The equation is less clear in developing economies, where we may be seeing yet another example of a “technological leap” – just as many developing countries have skipped the stage of fixed telecommunications infrastructure and moved straight to mobile communications.

Blockchain is the best decentralized technology to date. It ticks the box of decentralization very well but has shortcomings in other areas. If we are to see the massive adoption of decentralized finance and virtual currencies, the real question we in the financial community should be asking ourselves is’ what value do these innovations bring to the consumer – beyond fashion? ? “

Despite all the current limitations – and these are being ironed out – today’s blockchain is good enough as a starting point for the whole world to be decentralized. As long as we use it for appropriate use cases – such as smart contracts and asset tokenization – and don’t force-install it on existing systems that aren’t broken.

Looking at the next 12 months, I think the biggest trend in 2022 will be projects trying to find the best combination of centralized and decentralized worlds. There will be plenty of new exchanges where you can trade in a centralized, fast and inexpensive marketplace, while still retaining custody of your coins – either entirely or at least with a partial key retention solution.

It’s the kind of stepping stone that will bring virtual currencies, dApps, and DeFi into the mainstream. It won’t happen in 2022, but crypto dominance – whether it’s a goal or not – is coming. Not quite yet.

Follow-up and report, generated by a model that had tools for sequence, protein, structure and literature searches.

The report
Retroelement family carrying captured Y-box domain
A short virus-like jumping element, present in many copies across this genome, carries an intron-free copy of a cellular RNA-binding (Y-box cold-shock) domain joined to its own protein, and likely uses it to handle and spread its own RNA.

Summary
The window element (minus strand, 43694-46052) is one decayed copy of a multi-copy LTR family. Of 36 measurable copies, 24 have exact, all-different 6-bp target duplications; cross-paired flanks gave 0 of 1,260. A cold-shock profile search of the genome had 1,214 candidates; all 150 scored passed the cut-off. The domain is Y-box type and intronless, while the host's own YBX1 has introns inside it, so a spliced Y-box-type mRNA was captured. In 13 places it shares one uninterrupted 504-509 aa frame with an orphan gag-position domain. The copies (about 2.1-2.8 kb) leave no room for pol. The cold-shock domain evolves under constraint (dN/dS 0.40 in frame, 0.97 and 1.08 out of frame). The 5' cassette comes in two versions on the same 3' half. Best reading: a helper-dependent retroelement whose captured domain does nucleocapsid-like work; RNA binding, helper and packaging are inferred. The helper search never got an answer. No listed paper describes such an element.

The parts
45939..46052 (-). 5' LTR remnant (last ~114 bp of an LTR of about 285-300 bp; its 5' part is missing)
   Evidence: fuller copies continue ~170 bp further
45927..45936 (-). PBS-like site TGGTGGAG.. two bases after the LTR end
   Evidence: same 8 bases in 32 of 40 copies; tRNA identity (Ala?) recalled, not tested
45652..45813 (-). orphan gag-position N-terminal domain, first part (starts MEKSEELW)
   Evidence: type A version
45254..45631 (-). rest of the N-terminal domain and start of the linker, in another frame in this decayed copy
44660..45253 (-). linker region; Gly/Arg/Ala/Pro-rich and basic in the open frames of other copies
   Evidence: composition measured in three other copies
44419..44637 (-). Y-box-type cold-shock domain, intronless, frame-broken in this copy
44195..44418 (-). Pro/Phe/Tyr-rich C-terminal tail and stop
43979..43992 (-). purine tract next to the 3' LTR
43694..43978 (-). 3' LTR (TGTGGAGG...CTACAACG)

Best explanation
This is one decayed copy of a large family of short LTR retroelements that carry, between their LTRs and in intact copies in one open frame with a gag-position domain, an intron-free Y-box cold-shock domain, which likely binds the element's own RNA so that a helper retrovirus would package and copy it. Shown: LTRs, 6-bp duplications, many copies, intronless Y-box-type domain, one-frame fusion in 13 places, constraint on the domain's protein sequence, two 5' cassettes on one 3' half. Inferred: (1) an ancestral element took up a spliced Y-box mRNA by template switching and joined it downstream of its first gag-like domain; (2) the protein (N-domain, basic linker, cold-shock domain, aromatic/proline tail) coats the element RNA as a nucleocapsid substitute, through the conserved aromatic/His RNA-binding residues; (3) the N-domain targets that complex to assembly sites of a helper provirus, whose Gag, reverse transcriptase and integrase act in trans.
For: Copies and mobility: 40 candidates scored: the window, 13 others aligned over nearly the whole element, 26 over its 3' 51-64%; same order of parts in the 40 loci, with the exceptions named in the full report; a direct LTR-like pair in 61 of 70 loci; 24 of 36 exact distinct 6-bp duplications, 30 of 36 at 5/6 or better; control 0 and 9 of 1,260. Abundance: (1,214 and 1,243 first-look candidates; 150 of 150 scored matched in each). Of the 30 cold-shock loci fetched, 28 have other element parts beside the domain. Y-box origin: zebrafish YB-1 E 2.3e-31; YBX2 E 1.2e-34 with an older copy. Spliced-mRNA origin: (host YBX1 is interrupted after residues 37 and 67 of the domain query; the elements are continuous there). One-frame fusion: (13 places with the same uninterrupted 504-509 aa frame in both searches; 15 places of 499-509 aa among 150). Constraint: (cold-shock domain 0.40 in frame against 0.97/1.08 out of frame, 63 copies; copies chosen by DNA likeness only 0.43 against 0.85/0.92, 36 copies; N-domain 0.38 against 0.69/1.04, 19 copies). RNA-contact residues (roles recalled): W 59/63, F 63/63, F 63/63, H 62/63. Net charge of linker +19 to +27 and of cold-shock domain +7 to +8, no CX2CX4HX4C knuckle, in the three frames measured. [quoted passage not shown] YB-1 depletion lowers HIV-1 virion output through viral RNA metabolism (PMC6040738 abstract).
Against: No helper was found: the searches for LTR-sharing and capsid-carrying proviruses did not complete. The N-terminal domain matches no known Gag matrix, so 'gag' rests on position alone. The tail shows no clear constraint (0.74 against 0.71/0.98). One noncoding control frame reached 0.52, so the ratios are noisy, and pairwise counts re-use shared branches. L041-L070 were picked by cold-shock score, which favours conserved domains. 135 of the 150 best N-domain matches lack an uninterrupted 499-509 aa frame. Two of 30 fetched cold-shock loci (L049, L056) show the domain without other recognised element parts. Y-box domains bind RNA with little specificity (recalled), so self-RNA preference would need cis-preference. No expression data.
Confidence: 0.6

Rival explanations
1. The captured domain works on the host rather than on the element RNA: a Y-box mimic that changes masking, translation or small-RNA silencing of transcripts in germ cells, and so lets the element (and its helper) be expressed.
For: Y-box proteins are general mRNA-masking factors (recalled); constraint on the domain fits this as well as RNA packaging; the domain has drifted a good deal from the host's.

About Uldis:
Uldis TÄ“raudkalns is the CEO of Nexpay, a Lithuanian fintech startup providing banking infrastructure for the digital asset industry. Uldis brings over a decade of finance and venture capital investment management experience. He has also served on the board of directors of several companies. Uldis holds an MA in Finance from the Stockholm School of Economics and is a host of The Pursuit of Scrappiness, a leading podcast on businesses and startups in the Baltic States.

About Nexpay:

Nexpay is a Vilnius-based fintech startup that provides banking infrastructure for the digital asset industry. Founded in 2017, Nexpay helps over 400 businesses build the future of money with a range of payment and account products. Created by a team of banking and digital asset veterans, Nexpay’s mission is to provide the digital asset industry with a reliable, convenient and powerful alternative to traditional financial institutions. Nexpay is an electronic money institution authorized, authorized and regulated by the Bank of Lithuania.

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The views and opinions expressed herein are the views and opinions of the author and do not necessarily reflect those of Nasdaq, Inc.